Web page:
Finding an Effective Method of Characterising Wines - Using Chromatography
Feb 06 2019 Read 1307 Times
Wine is one of the most popular drinks in the world - with the UK one of the largest wine markets in the world. Wine is a relatively simple drink to manufacture - a natural fermentation reaction that has been known to man for thousands of years. But with a large market and significant profits to be made, the wine market is similar to many other markets where cash is sometimes king.
Fraud, adulteration and mislabelling are some of the problems affecting some wines in the marketplace. Luckily, chemical analysis can help, and a recent paper in the journal ACS Omega - Electrostatic Spray Ionization-Mass Spectrometry for Direct and Fast Wine Characterization - reports on a method developed by researchers in China that could be a simple answer to the problems of adulterated wine.
Quality of wine
There are several factors that are considered when judging the quality of wine. Flavour and aroma are probably the most important, but colour, clarity, sweetness and dryness are other factors that are important to wine connoisseurs. The experienced palates of wine experts can detect small differences between wine that can lead to vintages being a success or a failure. But theirs is a subjective analysis of wine and can be influenced by the mood and health of the wine taster.
For wine producers and consumers, a better method of analysis is needed to ensure that the wine in the bottle matches what it says on the label. Luckily, wine is made of various chemical compounds. Esters, amino acids, phenols and sugars are just some of the compounds found in wine. And researchers know that these can all be used as signatures to help check the authenticity and quality of wine.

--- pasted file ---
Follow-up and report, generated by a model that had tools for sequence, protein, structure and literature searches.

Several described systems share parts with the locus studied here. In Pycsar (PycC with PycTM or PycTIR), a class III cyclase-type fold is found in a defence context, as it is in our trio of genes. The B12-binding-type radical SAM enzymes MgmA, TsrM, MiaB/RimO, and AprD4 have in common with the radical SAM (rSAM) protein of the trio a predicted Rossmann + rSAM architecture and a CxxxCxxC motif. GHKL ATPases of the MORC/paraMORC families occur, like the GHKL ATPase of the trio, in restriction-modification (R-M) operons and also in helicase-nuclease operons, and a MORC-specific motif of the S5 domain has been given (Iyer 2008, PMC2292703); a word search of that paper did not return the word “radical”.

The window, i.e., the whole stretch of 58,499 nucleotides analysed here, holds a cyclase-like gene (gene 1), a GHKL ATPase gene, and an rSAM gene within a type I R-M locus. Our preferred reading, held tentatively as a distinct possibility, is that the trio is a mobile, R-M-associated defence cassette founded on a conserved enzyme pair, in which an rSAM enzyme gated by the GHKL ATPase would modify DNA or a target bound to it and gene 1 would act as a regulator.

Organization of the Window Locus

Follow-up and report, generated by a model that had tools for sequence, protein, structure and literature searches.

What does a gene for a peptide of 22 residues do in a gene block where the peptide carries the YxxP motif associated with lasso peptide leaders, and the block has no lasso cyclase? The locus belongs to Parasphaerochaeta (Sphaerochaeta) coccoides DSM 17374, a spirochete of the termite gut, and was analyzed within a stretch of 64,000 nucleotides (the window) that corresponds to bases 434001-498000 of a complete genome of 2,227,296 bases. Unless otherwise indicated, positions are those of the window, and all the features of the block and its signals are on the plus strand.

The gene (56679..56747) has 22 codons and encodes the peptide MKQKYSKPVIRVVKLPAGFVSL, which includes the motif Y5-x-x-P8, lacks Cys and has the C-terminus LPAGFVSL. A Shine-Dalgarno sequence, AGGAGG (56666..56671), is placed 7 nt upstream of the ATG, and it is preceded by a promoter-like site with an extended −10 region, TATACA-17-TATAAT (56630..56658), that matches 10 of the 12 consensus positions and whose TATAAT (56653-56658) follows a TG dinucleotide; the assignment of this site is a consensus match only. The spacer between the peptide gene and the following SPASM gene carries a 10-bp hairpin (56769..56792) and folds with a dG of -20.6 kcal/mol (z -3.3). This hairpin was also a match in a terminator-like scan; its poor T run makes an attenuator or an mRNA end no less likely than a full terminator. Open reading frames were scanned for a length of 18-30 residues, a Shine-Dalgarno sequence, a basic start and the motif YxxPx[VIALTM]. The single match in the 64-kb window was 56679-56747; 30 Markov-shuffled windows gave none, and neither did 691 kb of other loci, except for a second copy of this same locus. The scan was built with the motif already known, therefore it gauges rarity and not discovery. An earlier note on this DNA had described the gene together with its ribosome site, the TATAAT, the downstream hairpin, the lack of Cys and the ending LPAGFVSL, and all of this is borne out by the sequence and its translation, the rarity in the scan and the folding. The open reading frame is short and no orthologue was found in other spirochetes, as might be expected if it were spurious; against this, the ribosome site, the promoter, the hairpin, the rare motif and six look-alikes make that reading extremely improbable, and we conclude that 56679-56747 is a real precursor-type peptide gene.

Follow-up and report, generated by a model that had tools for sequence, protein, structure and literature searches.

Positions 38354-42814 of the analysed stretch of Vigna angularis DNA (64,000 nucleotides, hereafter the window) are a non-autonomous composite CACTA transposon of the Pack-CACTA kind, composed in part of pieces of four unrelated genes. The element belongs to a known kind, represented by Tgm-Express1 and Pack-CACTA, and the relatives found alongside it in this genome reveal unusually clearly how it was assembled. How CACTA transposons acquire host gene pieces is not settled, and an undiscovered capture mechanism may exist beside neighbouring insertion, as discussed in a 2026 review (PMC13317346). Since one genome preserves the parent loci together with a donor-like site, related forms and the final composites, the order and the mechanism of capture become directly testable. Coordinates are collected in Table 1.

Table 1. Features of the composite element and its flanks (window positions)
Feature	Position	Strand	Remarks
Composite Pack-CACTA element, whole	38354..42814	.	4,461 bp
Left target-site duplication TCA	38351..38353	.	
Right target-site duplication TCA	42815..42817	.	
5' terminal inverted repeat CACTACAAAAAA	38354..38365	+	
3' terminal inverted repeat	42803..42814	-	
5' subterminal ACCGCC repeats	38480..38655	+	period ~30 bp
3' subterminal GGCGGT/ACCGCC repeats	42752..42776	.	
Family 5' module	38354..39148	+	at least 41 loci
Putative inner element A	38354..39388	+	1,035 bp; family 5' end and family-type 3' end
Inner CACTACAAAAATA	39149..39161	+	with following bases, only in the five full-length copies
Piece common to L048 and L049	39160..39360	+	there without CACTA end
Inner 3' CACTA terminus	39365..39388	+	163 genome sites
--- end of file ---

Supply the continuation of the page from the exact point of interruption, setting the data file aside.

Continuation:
Is chromatography being usurped?
Wine has been studied and characterized by many different analytical techniques. Gas chromatography is commonly used to analyse the volatile components in wine, whilst high performance liquid chromatography is used to analyse non-volatile components. Chromatography methods are simple to develop and transfer between instruments as discussed in the article, Issues with Scaling and Method Transfer.
But in the article referenced above, researchers in China have developed a mass spectrometry method that they claim is simple to use and doesn’t require any pre-treatments, something that GC and HPLC methods need. The method developed by the group only takes a few minutes of analysis - although they did use HPLC to further analyse compounds of interest in adulterated samples.
So perhaps chromatography isn’t past its sell-by-date.
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